So I set about teaching Zuri to use the Pet Loo. For those uninitiated to this fine invention, let me describe. It is a dog toilet comprising of a plastic base, corrugated and sloping to enable drainage to a removable reservoir. Artificial grass with holes to allow drainage overlays the base. This is great for toilet training dogs in apartments or in pens. Dogs develop substrate preferences when being toilet trained, so the artificial grass enables a smooth transition to real grass when outside. As a puppy, Zuri was brought up in an apartment and the Pet Loo was a practical and effective means of toilet training. Especially in comparison to running down stairs or waiting for the lift in order to access grass on the ground floor. It was effective then, but I wondered if she would remember how to use it since she hadn't seen it for about three years.
I brought out the clicker and commenced her refresher course. What ensued what quite amusing. She knew I wanted her to interact with the Pet Loo, so she walked onto it and looked at me. No click. So she sat. No click. So she did a circle on it. No click. She backed up to it and put her back feet on it. No click. I needed to help her. Putting toileting on cue is a great idea. I have put each of the functions on cue, with "busy" being the signal to have a wee. I tried it. "Go busy". She looked at me and I swear I heard, "Say what? You want me to wee on this? How about I drop on it, or do another circle?" No click. I repeated, "Busy". So she finally relented and got "busy", was duly clicked and her behaviour reinforced with BBQ chicken. That's all it took. Refresher course done and dusted. Dogs do remember things. I anticipated that going "number two" would be harder to revise since it's not as frequent, but I had a cunning plan for that refresher course as well. As it turned out, my cunning plan was never required.
Now for the hitch, We had been in the house for about two months and she had not used the dog door. In order to use the Pet Loo, she still needed me to open the whole damn door! That kinda defeats the purpose of having a dog door, Zuri.
Task two was to teach her how to use the dog door. To say she was lack lustre was an understatement. She was reluctant to the point of avoiding the door altogether. We had a problem that was not going to go away by itself. She could not be lured or coaxed past the threshold. When I did manage to get her through with praise and the promise of sausage, her avoidance behaviours were noticeably stronger the next time. This is where I had to decide what to do next. I could understand her reluctance. She is a big dog and it's a small door. It's not the ideal size for her. She has to curve her back and crouch to prevent scraping her spine on the top of the door. The floor inside is slippery, without traction to make her feel safer as she moves through. She doesn't like being confined or new things touching her. One experience with a dog door in the past may have been traumatic enough, even painful, to have had a lasting negative association with anything similar in the future. My dilemma was, considering all these reasons, do I persist and devise a plan to overcome her fear or soldier on as we have been doing already?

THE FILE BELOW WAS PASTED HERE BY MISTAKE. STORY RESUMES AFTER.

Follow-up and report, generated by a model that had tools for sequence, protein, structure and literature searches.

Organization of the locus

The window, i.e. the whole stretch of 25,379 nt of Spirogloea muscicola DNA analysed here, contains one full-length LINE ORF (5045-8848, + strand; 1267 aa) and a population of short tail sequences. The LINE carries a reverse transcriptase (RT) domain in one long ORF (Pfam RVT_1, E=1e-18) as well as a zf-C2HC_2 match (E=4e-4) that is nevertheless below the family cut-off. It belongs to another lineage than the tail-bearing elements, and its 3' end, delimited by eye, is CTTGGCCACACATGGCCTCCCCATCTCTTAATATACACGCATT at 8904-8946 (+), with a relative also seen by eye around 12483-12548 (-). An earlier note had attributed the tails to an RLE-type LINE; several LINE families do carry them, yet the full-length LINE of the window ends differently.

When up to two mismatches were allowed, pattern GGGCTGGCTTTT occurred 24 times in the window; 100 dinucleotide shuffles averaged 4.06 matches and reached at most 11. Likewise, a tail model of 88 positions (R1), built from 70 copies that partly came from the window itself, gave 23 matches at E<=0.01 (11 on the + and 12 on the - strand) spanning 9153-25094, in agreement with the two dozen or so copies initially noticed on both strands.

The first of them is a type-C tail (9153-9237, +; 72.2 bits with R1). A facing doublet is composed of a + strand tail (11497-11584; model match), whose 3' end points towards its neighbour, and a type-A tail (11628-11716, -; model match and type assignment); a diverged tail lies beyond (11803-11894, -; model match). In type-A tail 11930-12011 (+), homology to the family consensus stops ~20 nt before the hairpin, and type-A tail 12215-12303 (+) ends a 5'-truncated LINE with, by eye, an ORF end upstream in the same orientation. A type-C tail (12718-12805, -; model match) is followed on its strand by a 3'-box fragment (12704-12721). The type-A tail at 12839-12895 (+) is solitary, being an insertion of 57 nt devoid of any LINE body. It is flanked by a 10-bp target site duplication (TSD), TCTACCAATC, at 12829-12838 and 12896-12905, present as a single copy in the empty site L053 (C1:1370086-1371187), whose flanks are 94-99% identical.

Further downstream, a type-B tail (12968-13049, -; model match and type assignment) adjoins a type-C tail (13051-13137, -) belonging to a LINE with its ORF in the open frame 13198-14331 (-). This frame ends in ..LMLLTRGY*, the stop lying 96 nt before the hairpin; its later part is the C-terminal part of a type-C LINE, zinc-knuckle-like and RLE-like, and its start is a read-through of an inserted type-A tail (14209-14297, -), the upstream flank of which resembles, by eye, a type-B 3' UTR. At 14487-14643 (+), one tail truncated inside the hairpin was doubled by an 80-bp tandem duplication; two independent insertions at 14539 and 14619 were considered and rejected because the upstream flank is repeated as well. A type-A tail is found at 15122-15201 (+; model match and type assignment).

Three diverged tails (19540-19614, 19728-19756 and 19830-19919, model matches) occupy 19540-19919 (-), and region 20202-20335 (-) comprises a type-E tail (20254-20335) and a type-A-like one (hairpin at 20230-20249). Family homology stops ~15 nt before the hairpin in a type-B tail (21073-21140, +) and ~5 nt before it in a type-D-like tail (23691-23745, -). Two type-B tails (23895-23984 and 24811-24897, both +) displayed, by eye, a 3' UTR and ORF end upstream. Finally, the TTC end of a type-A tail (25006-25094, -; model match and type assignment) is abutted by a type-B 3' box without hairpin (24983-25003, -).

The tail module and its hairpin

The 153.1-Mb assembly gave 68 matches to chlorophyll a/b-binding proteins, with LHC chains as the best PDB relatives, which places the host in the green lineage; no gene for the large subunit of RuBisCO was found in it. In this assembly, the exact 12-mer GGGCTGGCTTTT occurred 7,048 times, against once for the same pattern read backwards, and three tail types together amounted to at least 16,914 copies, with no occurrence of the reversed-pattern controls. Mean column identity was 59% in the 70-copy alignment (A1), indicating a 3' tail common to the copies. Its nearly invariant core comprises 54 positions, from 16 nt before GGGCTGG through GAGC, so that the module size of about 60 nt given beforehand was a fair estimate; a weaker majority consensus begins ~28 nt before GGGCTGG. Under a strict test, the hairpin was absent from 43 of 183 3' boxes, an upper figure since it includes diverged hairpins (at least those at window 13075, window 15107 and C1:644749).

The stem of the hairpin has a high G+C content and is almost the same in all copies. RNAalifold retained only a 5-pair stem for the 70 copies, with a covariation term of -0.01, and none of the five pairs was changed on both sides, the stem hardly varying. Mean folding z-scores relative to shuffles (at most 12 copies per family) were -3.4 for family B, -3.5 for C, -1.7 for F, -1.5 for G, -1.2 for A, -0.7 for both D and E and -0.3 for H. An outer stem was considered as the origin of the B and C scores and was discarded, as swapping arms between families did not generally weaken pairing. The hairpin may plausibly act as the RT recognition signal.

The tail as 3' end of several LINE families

I chose to persist. My rationale was to give her the independence and choice to move in and out of the house when she wanted. Also the freedom to relieve herself when needed. This would also make my life a little easier, not having to worry about organizing dog visits for her toileting well-being. Part of her well-being is also helping her overcome fear. It is a sad thing to have a dog who is scared of a part of the house. My desire for her was for her to feel safe in her own home. The video below shows the process. It was a most enjoyable experience for both of us.
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